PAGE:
Connect with us

News

Is Nigeria Ready To Pay The Full Cost Of Harnessing Power From Coal By Kikiowo Ileowo

Published

on

With a population of over 180 million and growing, Nigeria with an average power generation of 4,500mw, requires 12,000mw megawatts to ensure steady power supply, but ultimately needs 200,000mw for all her electricity requirements. To meet this power need, the present administration has vowed to look towards other sources of producing electricity away from the hydro and gas-powered plants, which has been a source of epileptic power supply into the national grid.

The problems faced in the mentioned methods of power production are low level of water to drive the huge turbines at the hydro power plants and lack of gas to fuel the generating sets at the gas-powered plants which litter the Nigerian scape. To deal with this challenge, the government of President Muhammudu Buhari stated it will start producing power with the use of Coal – a decision which will see coal-powered plant contribute at least 30% into the current power-mix by 2030.

However, many questions exist: does the government recognize the full cost of harnessing power from Coal? If it does, is it ready with her partners to pay the price?

Answers to these questions and more were the focus of Global Rights in conjunction with Heinrich Böll Stiftung Nigeria, when the organizations presented a report on the Impact of Coal Mining and Coal Power Generation on Okobo and Itobe Communities in Kogi State.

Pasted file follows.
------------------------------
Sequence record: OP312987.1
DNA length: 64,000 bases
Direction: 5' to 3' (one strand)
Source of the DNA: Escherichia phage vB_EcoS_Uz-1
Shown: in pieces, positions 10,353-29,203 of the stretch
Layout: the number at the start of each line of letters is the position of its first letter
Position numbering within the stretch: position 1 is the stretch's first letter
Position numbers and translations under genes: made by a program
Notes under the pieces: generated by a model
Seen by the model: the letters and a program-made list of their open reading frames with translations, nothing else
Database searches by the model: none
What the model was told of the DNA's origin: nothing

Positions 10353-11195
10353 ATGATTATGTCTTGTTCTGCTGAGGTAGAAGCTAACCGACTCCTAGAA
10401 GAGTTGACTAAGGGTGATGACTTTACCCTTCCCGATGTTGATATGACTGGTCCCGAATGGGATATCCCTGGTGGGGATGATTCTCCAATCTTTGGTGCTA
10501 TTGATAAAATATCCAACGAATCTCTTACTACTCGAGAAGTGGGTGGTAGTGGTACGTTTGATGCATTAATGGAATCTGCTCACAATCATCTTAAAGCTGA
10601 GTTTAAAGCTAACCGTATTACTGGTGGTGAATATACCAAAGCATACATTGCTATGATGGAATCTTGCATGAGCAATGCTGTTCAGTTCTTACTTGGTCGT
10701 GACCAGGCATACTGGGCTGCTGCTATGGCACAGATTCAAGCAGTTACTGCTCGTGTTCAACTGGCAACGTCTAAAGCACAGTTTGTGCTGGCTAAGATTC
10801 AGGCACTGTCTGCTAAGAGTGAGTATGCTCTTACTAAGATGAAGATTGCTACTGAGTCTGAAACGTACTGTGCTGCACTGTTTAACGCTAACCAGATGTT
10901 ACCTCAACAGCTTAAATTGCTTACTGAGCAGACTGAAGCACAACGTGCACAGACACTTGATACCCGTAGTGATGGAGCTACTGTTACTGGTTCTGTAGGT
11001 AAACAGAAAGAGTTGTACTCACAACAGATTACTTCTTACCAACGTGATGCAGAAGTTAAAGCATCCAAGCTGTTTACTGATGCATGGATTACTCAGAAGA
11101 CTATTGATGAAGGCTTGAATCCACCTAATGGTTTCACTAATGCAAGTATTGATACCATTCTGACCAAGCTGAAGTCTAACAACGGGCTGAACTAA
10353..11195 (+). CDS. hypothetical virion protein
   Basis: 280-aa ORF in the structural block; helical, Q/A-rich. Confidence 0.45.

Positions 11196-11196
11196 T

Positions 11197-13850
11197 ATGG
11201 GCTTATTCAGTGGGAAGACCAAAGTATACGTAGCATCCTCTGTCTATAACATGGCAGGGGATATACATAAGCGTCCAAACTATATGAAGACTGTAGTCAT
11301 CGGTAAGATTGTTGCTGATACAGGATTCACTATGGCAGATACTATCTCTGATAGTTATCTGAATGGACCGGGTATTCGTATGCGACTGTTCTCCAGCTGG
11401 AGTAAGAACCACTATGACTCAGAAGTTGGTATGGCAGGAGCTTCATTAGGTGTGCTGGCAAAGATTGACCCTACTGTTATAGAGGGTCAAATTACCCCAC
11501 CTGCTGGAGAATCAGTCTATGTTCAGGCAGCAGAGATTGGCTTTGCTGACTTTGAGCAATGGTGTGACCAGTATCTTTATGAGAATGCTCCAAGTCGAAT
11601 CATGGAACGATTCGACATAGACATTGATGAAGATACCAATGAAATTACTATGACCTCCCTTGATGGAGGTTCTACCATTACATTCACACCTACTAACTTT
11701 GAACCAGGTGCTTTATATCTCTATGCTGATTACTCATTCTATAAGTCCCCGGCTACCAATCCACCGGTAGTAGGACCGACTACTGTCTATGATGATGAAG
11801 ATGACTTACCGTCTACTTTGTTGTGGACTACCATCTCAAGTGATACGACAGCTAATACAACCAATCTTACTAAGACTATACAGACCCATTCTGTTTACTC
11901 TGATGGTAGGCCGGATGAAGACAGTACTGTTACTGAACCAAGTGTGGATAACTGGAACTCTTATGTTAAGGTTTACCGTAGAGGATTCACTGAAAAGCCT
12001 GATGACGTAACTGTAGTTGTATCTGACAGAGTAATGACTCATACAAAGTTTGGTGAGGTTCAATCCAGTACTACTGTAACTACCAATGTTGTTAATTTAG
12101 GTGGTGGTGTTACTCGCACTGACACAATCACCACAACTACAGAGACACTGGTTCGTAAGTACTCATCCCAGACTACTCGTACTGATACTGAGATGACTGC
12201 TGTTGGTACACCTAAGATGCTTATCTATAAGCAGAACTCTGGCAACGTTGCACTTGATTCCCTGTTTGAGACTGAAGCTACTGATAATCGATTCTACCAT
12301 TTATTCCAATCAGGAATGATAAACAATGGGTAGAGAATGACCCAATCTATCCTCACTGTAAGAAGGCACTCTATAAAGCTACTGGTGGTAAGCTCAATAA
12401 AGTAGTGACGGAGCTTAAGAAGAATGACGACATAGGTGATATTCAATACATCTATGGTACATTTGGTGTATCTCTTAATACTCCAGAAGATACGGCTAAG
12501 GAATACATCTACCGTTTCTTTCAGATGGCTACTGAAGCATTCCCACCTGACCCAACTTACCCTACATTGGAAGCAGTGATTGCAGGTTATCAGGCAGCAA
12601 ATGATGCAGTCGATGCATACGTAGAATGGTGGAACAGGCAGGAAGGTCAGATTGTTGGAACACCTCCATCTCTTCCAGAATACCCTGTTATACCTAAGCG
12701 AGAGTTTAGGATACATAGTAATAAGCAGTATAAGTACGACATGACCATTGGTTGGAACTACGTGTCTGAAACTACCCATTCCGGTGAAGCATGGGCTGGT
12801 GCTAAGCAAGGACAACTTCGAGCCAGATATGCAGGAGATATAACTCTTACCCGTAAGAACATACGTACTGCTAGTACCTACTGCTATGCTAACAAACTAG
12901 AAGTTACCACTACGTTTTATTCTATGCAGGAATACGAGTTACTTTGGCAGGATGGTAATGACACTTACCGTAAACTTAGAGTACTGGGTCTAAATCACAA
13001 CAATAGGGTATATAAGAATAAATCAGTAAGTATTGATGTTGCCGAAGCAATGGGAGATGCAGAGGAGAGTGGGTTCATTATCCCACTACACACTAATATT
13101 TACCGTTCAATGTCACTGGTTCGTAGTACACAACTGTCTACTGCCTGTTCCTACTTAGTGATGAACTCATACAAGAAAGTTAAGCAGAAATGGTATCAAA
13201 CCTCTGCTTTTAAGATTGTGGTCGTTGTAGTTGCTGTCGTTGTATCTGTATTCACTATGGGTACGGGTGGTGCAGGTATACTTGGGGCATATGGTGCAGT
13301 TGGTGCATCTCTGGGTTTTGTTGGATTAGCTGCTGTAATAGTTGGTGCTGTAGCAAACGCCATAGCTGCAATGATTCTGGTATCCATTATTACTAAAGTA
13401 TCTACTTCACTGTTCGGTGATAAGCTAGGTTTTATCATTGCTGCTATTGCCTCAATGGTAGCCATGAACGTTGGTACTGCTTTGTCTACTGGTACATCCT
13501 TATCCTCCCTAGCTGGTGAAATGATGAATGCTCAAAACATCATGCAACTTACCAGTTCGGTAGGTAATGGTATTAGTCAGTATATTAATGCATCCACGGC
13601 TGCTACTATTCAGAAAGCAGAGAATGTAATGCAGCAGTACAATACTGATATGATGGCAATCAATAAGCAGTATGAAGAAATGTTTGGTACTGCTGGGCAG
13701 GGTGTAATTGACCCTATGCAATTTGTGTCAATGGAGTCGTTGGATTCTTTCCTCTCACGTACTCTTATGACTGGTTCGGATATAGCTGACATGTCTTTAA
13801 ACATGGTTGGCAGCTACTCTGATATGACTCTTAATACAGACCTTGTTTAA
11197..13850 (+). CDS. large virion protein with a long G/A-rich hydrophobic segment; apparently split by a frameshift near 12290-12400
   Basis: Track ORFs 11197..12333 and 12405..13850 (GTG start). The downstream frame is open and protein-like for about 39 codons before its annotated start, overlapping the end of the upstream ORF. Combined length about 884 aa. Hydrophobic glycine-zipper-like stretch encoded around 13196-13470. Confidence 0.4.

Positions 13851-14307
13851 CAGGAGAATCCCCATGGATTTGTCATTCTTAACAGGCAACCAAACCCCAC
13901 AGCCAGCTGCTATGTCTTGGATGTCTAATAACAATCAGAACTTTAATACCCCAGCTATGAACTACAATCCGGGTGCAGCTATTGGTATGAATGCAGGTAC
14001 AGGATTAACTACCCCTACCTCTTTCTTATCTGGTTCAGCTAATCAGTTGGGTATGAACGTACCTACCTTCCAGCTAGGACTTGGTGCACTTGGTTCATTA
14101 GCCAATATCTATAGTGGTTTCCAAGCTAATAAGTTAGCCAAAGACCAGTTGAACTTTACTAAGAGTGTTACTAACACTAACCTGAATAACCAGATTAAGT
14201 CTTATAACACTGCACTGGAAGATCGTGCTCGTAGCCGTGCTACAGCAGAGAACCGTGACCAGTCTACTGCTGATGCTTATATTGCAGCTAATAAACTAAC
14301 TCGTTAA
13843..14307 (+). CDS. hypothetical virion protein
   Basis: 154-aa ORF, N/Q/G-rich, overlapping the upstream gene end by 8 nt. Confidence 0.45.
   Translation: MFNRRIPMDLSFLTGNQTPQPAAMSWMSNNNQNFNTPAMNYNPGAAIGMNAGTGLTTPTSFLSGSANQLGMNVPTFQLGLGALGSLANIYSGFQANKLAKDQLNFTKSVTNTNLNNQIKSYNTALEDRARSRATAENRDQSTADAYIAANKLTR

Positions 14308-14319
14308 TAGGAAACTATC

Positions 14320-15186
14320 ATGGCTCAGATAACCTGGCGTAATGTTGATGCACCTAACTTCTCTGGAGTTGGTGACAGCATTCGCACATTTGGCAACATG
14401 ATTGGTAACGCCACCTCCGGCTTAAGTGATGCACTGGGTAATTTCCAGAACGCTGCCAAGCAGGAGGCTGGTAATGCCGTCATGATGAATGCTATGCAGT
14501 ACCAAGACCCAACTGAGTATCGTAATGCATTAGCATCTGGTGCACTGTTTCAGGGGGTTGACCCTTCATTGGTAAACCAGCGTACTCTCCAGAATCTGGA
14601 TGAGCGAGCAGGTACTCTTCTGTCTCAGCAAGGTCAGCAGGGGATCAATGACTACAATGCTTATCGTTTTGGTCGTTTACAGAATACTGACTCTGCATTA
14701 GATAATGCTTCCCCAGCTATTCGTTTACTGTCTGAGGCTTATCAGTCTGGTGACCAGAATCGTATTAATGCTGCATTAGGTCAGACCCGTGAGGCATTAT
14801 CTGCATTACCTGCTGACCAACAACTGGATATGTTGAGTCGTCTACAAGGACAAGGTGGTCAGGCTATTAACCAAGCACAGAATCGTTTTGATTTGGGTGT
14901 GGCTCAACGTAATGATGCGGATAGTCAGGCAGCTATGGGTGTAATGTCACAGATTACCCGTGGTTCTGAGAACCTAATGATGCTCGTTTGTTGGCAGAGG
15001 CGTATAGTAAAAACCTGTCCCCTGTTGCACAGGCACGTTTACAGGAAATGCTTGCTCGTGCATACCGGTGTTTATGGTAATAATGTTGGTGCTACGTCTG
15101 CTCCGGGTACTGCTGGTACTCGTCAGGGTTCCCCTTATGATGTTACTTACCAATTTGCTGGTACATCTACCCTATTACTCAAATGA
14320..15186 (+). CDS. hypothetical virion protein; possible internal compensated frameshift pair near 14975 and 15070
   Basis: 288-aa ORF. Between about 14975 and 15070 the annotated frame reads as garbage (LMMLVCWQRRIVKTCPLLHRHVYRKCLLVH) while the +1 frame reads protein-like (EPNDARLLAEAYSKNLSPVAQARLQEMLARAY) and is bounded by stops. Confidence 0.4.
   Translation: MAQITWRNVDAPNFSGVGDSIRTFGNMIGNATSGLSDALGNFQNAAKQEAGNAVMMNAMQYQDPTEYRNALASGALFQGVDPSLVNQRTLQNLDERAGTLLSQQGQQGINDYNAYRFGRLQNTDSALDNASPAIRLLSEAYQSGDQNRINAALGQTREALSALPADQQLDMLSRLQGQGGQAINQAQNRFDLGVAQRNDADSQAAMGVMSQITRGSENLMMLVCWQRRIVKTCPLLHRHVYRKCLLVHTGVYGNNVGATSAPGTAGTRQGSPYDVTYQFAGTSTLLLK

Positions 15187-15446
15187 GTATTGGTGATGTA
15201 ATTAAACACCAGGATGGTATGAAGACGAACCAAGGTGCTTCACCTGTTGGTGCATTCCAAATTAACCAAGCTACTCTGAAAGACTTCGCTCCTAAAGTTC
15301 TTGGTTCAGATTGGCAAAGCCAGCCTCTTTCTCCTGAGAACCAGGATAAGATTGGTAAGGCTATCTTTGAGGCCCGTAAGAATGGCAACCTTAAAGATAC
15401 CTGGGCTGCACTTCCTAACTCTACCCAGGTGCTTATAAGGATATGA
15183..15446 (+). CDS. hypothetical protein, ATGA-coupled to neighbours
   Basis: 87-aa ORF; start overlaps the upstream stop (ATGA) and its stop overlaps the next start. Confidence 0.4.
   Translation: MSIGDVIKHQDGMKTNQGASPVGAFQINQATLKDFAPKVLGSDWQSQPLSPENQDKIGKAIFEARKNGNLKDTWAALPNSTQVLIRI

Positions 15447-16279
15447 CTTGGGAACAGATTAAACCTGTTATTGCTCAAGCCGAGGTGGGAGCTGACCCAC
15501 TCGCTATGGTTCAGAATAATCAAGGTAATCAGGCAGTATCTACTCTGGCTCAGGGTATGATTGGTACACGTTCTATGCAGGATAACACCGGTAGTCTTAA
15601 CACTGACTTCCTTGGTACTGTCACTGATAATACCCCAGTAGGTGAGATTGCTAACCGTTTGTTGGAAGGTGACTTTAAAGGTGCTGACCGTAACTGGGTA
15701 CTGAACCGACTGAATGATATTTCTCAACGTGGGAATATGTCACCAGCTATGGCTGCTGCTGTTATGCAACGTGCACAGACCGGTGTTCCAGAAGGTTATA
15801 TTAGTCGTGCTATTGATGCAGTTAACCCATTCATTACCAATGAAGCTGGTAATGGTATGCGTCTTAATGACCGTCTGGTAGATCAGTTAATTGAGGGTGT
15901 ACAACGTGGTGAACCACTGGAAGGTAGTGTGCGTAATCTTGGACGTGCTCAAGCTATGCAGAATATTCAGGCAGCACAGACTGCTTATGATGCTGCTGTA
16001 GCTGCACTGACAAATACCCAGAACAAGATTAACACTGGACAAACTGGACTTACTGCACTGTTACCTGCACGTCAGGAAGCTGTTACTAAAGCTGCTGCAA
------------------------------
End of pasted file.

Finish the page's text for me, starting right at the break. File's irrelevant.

According to Mrs. Tsema Okoye, a programme officer with Global Rights, Coal provides 40 percent of the world’s electricity, thus causing 39 percent of global carbon dioxide emissions which is responsible for rapidly depleting the Earth’s Ozone layer.

It may interest you to know that the destruction of the eco-system does not start at the point of using Coal to generate electricity; it begins at the point of mining the coal itself.

However, since Nigeria does not generate any power from Coal yet, we must ask ourselves the hard questions, such as: what commitments are we undertaking to ensure power would be produced from coal in a clean and efficient manner? How do we mitigate the negative effects of Coal mining on host communities, and many other questions?

A close examination of the report on visited coal mining site in Okobo, Kogi state tells the story of anguish, bitterness, resentment, anger, destruction, loss of livelihood, loss of life and suffering as expressed by community representatives who attended the event.

One of the major problems faced in Okobo community is access to portable water. The community members claim the company mining Coal in the area, Eta Zuma Mining Company which also had representatives in attendance at the event, had polluted their only source of water. Now, community members – usually women and children – have to travel many kilometers to get water fit for human consumption.